Saturday, July 4, 2009

Will CM gift forest land to industry?

Will CM gift forest land to industry?
DNA By Kapil Dave
In a major setback to decades of forest and wildlife conservation efforts in Gujarat, the state government may decide today to de-notify hundreds of hectares of forest land in four sanctuary areas of Gujarat. If chief minister Narendra Modi approves the Gujarat Wildlife Board's agenda, there will be a severe threat of industrial and human activity in Gujarat's four prime forest areas - the Wild Ass Sanctuary in the Little Rann of Kutch, Girnar Wildlife Sanctuary, Velavadar Black Buck Sanctuary and Narayan Sarovar Bird Sanctuary.

Highly placed sources told DNA on Friday that influential industrial houses are likely to have their way if the forest department and the Board don't vehemently oppose the move. Highly placed sources expressed profound sorrow about the fact that "Gujarat's wildlife is facing major problems like poaching and increased human and industrial activity, but the Board is pressing for discussion on 11 issues, of which a majority are proposals of industries to take away forest land."

The board has proposed diversion of 89.74 hectare land in the Wild Ass Sanctuary for the power transmission line of Adani Power Ltd and 241.59 hectare land for Power Grid Corporation's transmission lines. It has also proposed diversion of 7.28 hectare land for Usha Breco Ltd for ropeway construction in Girnar Sanctuary; 4.40 hectare land from Velavadar black buck Sanctuary for Gujarat State Road Development Corporation (GSRDC) for construction of a six-lane Sarkhej-Vataman-Bhavnagar central spine road; 0.315 ha land diversion for Bharat Sanchar Nigam Ltd for laying of fibre optic lines in Balaram-Ambaji Sanctuary, 0.45 ha land diversion for Vodafone Gujarat Limited for laying of fibre optics in Narayan Sarovar Sanctuary and 0.45 ha land diversion for Reliance Communication Gujarat Ltd in Narayan Sarovar Sanctuary.

Ironically, the state government on Friday admitted in the assembly that because of increasingly serious man-animal conflict in Gir and Dangs forests, 23 people had lost their lives in the last two years. It also admitted during the ongoing assembly session to charges of misuse of land allotted in Gir.Highly placed sources in the government said, "The State Wildlife Board will hold a meeting, to be chaired by chief minister Narendra Modi, on July 4 at the Secretariat. The main agenda of the meeting is to give land in protected sanctuaries to various private companies for commercial use." The other items on the agenda include a presentation on wildlife, formation of Leo-genetic lab for Gir lions, modern communication facilities for the management and protection of the animals in Gir and erecting of walls on the two sides of the road in Gir sanctuary.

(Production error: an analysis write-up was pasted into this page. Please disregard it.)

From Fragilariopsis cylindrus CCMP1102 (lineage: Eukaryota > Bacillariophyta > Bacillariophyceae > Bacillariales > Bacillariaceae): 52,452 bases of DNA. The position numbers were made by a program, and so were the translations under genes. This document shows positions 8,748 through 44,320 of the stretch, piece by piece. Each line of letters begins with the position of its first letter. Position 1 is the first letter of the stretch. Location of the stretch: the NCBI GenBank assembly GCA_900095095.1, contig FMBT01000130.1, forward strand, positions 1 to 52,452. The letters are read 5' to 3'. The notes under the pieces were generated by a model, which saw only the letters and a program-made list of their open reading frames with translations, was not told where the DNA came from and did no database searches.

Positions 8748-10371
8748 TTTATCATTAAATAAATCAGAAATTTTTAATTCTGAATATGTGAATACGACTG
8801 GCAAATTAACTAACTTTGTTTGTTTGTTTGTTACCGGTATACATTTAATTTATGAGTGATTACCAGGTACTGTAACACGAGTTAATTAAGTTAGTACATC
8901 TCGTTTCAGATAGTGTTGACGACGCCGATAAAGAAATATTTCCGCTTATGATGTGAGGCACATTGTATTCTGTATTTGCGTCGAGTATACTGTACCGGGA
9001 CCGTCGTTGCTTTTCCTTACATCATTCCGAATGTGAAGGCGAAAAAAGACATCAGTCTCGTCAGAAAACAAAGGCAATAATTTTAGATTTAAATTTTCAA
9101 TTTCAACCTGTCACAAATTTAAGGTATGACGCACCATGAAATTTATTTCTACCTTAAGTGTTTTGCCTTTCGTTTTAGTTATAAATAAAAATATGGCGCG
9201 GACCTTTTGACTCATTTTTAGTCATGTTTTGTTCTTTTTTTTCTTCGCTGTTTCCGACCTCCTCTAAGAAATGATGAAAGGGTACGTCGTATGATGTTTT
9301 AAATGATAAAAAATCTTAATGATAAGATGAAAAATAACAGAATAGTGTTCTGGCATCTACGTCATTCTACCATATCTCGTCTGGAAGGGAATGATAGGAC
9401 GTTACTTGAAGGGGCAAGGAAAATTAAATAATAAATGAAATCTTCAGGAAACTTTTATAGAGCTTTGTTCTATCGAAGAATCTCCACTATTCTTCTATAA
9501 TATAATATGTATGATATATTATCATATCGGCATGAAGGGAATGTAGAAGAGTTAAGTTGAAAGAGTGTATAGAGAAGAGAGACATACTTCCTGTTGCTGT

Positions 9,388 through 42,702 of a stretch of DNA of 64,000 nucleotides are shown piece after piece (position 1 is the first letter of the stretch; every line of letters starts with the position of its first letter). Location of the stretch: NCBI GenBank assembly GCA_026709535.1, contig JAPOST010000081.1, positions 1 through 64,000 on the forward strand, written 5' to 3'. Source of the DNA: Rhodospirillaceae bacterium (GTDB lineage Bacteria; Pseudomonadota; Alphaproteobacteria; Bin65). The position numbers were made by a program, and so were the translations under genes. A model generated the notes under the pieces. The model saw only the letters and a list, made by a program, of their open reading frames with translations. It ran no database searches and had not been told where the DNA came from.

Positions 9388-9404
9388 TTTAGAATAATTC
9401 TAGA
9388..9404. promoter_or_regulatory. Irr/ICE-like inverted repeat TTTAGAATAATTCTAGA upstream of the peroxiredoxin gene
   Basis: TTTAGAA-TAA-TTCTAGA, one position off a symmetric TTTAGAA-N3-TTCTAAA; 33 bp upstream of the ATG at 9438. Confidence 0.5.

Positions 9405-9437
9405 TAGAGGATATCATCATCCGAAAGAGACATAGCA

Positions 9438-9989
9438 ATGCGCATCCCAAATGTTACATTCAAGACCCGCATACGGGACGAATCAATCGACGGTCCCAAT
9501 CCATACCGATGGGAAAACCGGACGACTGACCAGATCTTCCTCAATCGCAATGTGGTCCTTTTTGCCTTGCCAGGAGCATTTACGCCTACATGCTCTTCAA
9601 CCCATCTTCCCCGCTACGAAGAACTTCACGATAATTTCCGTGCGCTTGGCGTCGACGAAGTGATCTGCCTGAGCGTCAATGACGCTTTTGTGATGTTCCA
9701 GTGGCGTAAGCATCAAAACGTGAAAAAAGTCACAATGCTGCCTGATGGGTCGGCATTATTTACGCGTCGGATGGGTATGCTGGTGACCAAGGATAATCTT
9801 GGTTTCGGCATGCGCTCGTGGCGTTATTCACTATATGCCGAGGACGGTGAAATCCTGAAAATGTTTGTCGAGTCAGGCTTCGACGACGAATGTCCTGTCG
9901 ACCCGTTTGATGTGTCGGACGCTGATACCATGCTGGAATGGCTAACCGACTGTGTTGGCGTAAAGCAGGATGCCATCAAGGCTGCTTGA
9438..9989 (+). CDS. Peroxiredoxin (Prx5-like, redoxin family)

However, the forest department prefers to remain quiet about the move to de-notify the forest land which it is supposed to protect! Principal chief conservator of forests ML Sharma was not reachable, while PCCF (wildlife) Pradeep Khanna refused to comment

Friday, July 3, 2009

The Asiatic Lion (Panthera leo persica)

The Asiatic Lion (Panthera leo persica)

The Asiatic Lion (Panthera leo persica) is a subspecies of the lion which survives today only in the Gir Forest of Gujarat, India where it is also known as the Indian lion or Persian lion. In 2005, the Gujarat government reported that 359 Asiatic lions were sighted in the Gir forest The Asiatic lions once ranged from the Mediterranean to the north-eastern parts of the Indian subcontinent, but excessive hunting, water pollution and decline in natural prey reduced their habitat. Historically, Asiatic lions were classified into three kinds – Bengal, Arabian and Persian lions. Asiatic lion are smaller and less aggressive than their African counterparts. Asiatic lions are similar to African forms, though they have less swollen tympanic bullae, shorter postorbital constriction, and usually have divided infraorbital foramen. The colour ranges from reddish-brown to a highly mottled black to sandy cinnamon grey.
In adult males, the maximum skull length is 330-340 mm, while that of females is 266-277 mm. They reach a weight of 150-220 Kg. for the males and 100-150 Kg. (n=2) for the females. The scientific record for the longest male is of 292 cm, while the maximum height to the shoulders reported is of 107 cm. The Captain Smee hunted a male of 268 cm long, which weight 222.3 kg, excluding the entrails. The largest known wild male, in the hunting records, was exactly 3 m (9.9 ft) in length.

Thursday, July 2, 2009

Scope of a second home for Gir lions remains mired

New Delhi (IANS): India's Asiatic lions are the most vulnerable of all the big cats as they live in a single area in Gujarat, making them prone to diseases as well as other threats, and yet calls for creating a second home by the scientific community have been repeatedly ignored, say experts.

The sprawling Gir National Park in western India is home to some 350 Asiatic lions, the last refuge for these cats. In the past, the lions had roamed in almost the entire Central Asia.
The Wildlife Institute of India (WII), a leading scientific organisation, recommended the Kuno Wildlife Sanctuary in Madhya Pradesh for setting up a second home for the Gir lions.